Someday, it’s possible that surveillance technology might become sophisticated enough to read your mind as you’re walking down the street. And if that dystopian future comes to pass, you’ll probably want one of these stylish thought-blocking accessories: When they detect scanning technology in action, they’ll distract you with a zap or a flashing light.
Designers Lisa Kori Chung and Caitlin Morris, both researchers at Fabrica in Italy, started work on the project as they were thinking about clothing and privacy—both how clothing protects and conceals, and the increasing difficulty of maintaining private thoughts in an era when national security agencies and marketers want to get inside our heads.
"We imagined what it would be like for these things to converge, if clothing played a role in intellectual and emotional privacy as well as the physical privacy it's always been associated with," say Chung and Morris.
They researched current surveillance techniques, including facial recognition software that can detect suspicious activity, and brain scanning technology that’s beginning to accurately recognize emotions and thoughts, and thought about how they might be deployed together in an urban setting.
While most of the technology wouldn’t work on the street now—fMRI scanners, for example, work only in a controlled environment around a subject’s head at this point—the field is quickly developing. "There are other methods that are currently being developed with more precision, like laser imaging, that are more likely to be operable from a distance camera-style in the way that we're projecting in the distant future," the designers say.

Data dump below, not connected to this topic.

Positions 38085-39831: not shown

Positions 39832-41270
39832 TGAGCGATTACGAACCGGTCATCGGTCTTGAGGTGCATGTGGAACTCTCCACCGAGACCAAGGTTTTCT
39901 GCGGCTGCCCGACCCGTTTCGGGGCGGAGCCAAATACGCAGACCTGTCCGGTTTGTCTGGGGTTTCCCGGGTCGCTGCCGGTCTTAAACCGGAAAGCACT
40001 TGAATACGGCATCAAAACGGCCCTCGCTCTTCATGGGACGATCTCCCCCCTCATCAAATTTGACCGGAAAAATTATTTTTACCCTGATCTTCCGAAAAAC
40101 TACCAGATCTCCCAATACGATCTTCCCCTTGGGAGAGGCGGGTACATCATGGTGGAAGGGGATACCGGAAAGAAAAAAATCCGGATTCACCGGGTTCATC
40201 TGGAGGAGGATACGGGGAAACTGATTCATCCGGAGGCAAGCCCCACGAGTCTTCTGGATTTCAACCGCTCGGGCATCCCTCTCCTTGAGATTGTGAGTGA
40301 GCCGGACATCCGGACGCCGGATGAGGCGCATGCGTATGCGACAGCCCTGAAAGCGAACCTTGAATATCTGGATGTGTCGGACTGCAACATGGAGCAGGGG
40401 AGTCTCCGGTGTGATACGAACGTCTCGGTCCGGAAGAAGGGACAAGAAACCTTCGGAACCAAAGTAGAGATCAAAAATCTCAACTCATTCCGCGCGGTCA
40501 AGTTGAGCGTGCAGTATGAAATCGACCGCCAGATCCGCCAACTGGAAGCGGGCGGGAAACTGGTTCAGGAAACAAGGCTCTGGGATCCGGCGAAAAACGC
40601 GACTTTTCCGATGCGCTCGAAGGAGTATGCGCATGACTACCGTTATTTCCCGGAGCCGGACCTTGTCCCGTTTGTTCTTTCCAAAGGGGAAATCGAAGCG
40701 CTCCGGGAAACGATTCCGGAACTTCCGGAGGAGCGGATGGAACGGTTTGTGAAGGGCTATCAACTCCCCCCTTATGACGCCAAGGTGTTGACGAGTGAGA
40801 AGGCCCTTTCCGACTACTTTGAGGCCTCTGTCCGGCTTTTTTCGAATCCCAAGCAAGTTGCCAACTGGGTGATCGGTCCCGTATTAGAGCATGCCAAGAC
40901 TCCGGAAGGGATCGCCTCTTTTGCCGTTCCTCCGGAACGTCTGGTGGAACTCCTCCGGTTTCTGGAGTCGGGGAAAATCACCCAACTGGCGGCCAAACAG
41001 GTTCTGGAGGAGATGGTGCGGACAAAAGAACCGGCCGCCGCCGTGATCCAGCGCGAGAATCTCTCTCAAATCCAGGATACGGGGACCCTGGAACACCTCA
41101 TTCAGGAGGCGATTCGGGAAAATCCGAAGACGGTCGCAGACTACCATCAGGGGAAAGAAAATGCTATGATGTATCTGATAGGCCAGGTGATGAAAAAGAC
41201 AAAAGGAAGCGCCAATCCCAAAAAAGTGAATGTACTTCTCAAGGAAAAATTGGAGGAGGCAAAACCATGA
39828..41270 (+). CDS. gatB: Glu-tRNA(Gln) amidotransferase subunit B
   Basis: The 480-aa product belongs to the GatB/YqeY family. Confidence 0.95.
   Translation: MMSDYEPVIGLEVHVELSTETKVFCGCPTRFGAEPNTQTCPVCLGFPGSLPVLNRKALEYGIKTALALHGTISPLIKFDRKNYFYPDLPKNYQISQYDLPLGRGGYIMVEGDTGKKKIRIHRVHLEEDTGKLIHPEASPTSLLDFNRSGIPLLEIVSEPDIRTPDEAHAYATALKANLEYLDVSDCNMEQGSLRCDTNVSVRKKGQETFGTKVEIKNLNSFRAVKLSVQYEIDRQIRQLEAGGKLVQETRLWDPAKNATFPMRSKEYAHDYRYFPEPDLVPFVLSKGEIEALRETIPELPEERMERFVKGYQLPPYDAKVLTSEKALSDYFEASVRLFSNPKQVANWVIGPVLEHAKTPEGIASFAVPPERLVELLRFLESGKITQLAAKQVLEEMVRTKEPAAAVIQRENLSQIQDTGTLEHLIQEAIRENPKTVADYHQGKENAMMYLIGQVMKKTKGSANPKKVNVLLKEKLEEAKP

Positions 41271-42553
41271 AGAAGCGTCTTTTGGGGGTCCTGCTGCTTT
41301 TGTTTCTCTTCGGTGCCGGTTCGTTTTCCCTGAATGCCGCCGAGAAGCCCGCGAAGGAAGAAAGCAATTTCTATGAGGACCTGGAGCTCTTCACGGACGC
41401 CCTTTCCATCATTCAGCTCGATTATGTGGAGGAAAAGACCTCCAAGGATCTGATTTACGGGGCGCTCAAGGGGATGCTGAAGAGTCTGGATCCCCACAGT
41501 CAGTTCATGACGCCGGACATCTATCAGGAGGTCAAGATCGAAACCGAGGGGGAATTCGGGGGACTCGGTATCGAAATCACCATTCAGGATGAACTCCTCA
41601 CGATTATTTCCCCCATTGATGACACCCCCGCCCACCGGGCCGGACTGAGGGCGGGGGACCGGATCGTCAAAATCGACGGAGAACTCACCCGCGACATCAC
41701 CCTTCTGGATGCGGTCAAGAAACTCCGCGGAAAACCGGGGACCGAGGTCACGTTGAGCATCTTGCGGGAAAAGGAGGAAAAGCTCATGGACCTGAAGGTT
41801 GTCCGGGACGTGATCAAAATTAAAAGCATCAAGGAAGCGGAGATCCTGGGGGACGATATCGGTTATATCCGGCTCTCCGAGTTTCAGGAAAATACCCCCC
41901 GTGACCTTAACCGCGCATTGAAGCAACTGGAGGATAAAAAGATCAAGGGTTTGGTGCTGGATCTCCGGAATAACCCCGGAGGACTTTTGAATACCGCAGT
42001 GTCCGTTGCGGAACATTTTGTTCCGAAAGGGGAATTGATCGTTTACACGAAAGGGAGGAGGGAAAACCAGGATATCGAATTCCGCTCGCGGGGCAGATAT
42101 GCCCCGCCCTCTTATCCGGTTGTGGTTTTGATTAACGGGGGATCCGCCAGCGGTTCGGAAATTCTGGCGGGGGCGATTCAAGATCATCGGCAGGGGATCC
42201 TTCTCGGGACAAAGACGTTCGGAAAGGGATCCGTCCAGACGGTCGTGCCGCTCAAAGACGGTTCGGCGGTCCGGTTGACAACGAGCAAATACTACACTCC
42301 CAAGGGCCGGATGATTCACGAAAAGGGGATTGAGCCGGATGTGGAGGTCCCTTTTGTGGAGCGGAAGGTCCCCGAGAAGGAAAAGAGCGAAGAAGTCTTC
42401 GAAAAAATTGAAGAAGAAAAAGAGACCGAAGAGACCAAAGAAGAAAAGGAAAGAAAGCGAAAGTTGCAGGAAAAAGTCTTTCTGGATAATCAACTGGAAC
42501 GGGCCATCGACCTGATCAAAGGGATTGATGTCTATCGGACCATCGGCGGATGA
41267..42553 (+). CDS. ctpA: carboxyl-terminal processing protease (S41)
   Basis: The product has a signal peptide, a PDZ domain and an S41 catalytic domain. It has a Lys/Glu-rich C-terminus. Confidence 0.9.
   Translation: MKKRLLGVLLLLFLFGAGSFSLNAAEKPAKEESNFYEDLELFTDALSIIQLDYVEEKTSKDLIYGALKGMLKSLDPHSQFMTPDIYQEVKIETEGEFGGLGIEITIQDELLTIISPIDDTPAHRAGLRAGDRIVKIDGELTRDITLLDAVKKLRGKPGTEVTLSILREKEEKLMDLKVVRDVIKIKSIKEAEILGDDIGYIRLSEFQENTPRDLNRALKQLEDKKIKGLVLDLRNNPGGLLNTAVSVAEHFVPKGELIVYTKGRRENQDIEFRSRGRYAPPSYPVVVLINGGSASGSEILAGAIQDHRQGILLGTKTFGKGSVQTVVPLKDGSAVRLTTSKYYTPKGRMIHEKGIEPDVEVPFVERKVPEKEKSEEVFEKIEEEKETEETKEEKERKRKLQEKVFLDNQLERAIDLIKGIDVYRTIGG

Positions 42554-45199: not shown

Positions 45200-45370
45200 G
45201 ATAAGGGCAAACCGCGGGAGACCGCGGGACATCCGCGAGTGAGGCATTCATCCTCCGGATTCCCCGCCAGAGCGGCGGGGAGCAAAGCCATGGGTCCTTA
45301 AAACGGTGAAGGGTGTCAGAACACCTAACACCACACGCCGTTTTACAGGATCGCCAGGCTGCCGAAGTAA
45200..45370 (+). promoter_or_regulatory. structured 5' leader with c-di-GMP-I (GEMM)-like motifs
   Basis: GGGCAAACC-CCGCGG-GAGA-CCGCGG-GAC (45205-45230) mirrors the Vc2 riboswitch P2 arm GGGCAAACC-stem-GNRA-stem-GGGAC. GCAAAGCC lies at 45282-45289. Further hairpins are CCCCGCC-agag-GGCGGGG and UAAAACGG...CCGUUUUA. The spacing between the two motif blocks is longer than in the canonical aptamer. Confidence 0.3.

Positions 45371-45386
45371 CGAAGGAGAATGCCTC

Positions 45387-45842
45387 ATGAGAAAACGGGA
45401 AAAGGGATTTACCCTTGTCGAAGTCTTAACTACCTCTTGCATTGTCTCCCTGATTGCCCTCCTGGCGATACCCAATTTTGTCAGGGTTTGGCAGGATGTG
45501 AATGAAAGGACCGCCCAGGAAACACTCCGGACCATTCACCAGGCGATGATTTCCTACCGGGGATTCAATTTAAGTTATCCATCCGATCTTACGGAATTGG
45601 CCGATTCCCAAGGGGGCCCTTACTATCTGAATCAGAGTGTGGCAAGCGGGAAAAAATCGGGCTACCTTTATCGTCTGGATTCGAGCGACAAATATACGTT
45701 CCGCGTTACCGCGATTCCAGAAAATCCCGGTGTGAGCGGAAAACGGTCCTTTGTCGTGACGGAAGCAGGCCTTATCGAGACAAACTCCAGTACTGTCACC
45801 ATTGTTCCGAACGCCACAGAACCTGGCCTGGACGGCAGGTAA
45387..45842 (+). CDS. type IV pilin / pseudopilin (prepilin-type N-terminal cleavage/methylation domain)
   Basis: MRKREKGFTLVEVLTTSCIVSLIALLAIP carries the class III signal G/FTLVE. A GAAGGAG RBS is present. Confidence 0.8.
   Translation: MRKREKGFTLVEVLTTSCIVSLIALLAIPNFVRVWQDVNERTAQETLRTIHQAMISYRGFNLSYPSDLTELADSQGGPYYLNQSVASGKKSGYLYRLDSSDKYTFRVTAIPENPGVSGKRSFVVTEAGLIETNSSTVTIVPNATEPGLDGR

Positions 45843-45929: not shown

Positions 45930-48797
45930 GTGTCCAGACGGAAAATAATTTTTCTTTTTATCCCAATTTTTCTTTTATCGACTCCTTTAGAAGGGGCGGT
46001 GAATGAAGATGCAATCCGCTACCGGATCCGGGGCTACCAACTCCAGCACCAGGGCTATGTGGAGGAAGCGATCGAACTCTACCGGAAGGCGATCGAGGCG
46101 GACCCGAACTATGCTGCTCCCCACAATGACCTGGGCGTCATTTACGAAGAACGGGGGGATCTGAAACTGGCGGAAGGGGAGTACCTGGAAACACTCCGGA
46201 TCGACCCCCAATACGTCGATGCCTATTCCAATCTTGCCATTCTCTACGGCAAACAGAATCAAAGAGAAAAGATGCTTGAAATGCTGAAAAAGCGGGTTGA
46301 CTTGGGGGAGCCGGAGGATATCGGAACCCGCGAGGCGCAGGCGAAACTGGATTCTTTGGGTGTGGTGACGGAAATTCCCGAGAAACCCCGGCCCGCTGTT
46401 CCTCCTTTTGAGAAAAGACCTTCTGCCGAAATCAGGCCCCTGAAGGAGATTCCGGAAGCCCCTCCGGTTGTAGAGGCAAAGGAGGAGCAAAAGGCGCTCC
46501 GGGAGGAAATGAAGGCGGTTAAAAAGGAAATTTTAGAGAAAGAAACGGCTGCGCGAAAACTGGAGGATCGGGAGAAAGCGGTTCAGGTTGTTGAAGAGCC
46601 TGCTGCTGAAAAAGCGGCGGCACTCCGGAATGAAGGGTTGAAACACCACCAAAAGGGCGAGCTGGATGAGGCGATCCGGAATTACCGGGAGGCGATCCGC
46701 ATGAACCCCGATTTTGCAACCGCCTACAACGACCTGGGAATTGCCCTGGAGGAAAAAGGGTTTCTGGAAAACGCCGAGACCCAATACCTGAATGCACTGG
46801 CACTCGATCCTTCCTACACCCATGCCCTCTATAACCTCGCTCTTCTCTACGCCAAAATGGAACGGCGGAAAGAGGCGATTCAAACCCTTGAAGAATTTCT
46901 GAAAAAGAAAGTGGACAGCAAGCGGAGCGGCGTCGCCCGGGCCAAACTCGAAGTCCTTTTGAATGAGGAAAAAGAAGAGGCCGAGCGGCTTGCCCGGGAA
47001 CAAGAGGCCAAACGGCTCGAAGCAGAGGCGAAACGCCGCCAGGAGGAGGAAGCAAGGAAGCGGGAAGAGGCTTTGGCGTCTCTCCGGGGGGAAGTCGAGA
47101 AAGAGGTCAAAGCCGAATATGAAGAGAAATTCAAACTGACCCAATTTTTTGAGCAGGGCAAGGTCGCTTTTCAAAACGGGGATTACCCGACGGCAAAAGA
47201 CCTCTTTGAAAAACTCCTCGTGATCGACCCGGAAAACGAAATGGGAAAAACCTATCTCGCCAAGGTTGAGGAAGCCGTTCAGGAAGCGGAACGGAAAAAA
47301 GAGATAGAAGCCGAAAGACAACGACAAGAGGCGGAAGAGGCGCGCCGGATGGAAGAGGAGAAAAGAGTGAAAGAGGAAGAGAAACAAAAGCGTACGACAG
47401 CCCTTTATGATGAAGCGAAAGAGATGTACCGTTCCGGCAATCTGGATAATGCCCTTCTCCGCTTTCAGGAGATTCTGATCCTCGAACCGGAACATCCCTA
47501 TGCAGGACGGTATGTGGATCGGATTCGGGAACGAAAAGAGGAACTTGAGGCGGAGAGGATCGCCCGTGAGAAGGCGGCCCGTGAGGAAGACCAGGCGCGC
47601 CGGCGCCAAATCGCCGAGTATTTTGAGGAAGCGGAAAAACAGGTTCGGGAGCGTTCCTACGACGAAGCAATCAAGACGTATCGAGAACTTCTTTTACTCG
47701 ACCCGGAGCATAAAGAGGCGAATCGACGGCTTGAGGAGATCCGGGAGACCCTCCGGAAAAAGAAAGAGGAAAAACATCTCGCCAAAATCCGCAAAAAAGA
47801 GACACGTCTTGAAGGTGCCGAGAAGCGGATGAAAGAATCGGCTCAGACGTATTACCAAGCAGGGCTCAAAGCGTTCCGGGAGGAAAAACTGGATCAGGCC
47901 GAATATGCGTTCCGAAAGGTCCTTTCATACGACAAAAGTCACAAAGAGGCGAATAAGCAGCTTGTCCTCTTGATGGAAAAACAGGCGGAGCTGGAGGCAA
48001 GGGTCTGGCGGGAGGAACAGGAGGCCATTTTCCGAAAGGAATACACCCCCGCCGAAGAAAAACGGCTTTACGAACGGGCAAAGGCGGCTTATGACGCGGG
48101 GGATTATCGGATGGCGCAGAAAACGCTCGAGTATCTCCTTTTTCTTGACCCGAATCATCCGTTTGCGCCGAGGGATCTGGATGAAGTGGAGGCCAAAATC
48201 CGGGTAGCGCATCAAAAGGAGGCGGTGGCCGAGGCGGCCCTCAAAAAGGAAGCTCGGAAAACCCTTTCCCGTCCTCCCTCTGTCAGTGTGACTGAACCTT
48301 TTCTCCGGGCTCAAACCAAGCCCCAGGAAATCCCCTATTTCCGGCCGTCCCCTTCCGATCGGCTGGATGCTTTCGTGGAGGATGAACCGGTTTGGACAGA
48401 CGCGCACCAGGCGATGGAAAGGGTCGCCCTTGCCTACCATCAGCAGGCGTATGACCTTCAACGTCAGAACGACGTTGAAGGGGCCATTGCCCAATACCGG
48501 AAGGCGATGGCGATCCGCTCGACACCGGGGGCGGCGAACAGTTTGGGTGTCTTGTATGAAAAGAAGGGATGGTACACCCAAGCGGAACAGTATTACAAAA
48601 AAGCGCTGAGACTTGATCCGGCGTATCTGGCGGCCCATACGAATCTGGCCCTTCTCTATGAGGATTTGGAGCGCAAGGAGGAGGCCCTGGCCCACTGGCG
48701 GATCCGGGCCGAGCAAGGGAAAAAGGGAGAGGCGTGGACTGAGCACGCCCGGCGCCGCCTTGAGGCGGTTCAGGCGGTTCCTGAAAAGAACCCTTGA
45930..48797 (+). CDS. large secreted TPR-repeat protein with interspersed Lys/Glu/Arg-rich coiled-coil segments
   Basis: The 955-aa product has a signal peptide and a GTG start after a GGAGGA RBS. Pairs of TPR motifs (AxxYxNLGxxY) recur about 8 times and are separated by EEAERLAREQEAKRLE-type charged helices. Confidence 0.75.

"Aside from the realistic constraints of long-distance scanning, the premise of detecting people's general thoughts and moods based on a low-resolution brain scan is a possibility that's already proving very realistic," they say. "We looked into recent studies where researchers were able to detect precise emotions in subjects, and that data is already being used for information on brand recognition and advertising."
As they imagined how the technology would continue to evolve, the designers created three accessories. Instead of simply blocking a scanner from reading thoughts, the designs work by distracting someone from whatever they wanted to keep private. A hat transmits sound through bone conduction, a collar sends a tiny electric shock, and a mask flashes bright lights.
Each object has a detailed, almost Baroque design inspired by other protective objects. "We were fascinated by examples of devices intended for security, but designed to look ornamental—such as window bars, fences, the printing inside security envelopes," Chung and Morris say.
"We wanted to build on this, and to design these technology-heavy pieces as beautifully crafted accessories. It's an aesthetic that's missing in a lot of future-wear, but the awareness of craft and textile is an important part of our connection to objects, especially objects that are increasingly technical."
Both designers say they hope the designs don't become necessary to use. "This particular sort of surveillance was absolutely designed as a future fiction, and we hope it stays that way as long as possible."